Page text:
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Museum for African Art opens temporary LIC site

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Long Island City’s growing collection of art institutions will advance one more notch Saturday when the Museum for African Art opens the doors to its new galleries for a weekend of free admission.

The 18-year-old museum has moved from its longtime headquarters in SoHo to a temporary space at 36-01 43rd Ave., where it will remain for three to four years until its permanent home on the north end of Manhattan’s Museum Mile along Fifth Avenue is completed.

“We are very excited about our move to Queens, which helps fulfill part of the museum’s long-term plan to reach out to ever-growing numbers of New Yorkers as well as the city’s visitors,” said Elsie McCabe, the museum’s president. “As the most diverse of New York’s boroughs, Queens is an appropriate place for us as we strive to build intra-cultural understanding through the arts.”

The museum opens Saturday morning at 11 a.m. for a weekend celebration featuring a ribbon-cutting and ceremonial libation at 12:30 p.m. as well as a musical performance by Dominic Kanza and the African Rhythm Machine at 1:30 p.m. It will remain open until 6 p.m. both Saturday and Sunday. The regular admission fee of $5 for adults and $2.50 for students and seniors will be waived.

The new facility occupies the third floor of an industrial building that already holds the temporary gallery for the Isamu Noguchi Museum, which closed its garden on Vernon Boulevard for renovations earlier this year. Both are only four blocks from MoMA QNS, the Queens branch of the Museum of Modern Art that opened to great fanfare this summer on 33rd Street and Queens Boulevard.

MoMA QNS is slated to remain open until 2005, by which time the reconstruction of its Manhattan home is expected to end.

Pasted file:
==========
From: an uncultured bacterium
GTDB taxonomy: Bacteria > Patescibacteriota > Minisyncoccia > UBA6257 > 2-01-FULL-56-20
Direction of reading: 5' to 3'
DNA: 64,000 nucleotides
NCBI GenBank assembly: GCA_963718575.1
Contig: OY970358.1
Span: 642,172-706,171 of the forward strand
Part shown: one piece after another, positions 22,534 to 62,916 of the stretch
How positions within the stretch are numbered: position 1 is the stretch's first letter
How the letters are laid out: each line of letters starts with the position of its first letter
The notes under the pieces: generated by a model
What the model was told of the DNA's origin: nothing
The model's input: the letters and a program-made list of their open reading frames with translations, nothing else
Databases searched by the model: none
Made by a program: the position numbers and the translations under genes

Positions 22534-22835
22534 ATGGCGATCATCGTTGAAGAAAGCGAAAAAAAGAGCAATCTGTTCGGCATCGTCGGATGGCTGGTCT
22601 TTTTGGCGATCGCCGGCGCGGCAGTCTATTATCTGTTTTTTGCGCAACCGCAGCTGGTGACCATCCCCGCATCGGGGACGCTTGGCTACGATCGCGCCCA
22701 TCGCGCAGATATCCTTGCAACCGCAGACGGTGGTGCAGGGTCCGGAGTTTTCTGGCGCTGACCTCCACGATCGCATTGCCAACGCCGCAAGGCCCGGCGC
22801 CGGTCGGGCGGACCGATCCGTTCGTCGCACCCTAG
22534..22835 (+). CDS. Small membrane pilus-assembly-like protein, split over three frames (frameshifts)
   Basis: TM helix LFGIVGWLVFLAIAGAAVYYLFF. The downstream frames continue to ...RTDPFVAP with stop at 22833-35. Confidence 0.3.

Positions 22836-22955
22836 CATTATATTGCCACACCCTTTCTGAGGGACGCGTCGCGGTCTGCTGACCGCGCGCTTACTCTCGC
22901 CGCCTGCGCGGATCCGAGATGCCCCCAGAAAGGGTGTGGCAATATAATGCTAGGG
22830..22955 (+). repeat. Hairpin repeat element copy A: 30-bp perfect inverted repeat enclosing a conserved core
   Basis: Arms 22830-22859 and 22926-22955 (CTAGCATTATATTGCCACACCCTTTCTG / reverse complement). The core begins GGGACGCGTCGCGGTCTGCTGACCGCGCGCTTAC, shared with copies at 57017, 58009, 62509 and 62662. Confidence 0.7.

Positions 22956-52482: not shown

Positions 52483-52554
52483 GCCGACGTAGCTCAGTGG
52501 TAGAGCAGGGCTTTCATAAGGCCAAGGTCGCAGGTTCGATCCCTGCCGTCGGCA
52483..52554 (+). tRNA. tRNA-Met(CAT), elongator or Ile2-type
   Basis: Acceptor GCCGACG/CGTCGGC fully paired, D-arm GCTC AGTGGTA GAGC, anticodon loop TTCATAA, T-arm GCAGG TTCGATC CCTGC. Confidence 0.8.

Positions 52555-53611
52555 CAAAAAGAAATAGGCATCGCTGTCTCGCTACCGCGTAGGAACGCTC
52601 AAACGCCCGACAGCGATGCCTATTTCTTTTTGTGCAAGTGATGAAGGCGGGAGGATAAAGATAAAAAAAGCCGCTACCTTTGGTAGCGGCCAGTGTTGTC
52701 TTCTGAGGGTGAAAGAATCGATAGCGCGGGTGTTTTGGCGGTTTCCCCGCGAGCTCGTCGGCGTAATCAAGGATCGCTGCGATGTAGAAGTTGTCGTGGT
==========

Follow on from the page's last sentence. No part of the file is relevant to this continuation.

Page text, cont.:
The recent migration of so many cultural facilities into Long Island City helped encourage the Museum for African Art to set up its temporary quarters there, said its deputy director, Anne Stark.

“It’s not an area that a lot of people are terribly familiar with,” Stark said in an interview shortly after the move was announced earlier this year. “But together we hope that because it will be such a critical mass of institutions that we can call attention to it and get people to try something new.”

The neighborhood is also home to a number of permanent art institutions such as the PS 1 Contemporary Art Center, Socrates Sculpture Park and the American Museum of the Moving Image.

The museum’s opening exhibition, “Facing the Mask,” will use the familiar motif of the mask to expose people to all facets of African culture, including music, dance, masquerade rituals and role playing.

“It’s a great point of entry through which to introduce people to African art and culture, because through the mask you learn about music traditions, dance traditions, war and gender traditions in African cultures,” Stark said. “We think it will be a real crowd pleaser and therefore a great way for new people to discover us.”

Reach reporter Dustin Brown by e-mail at Timesledger@aol.com or call 229-0300, Ext. 154.

Posted 7:22 pm, October 10, 2011
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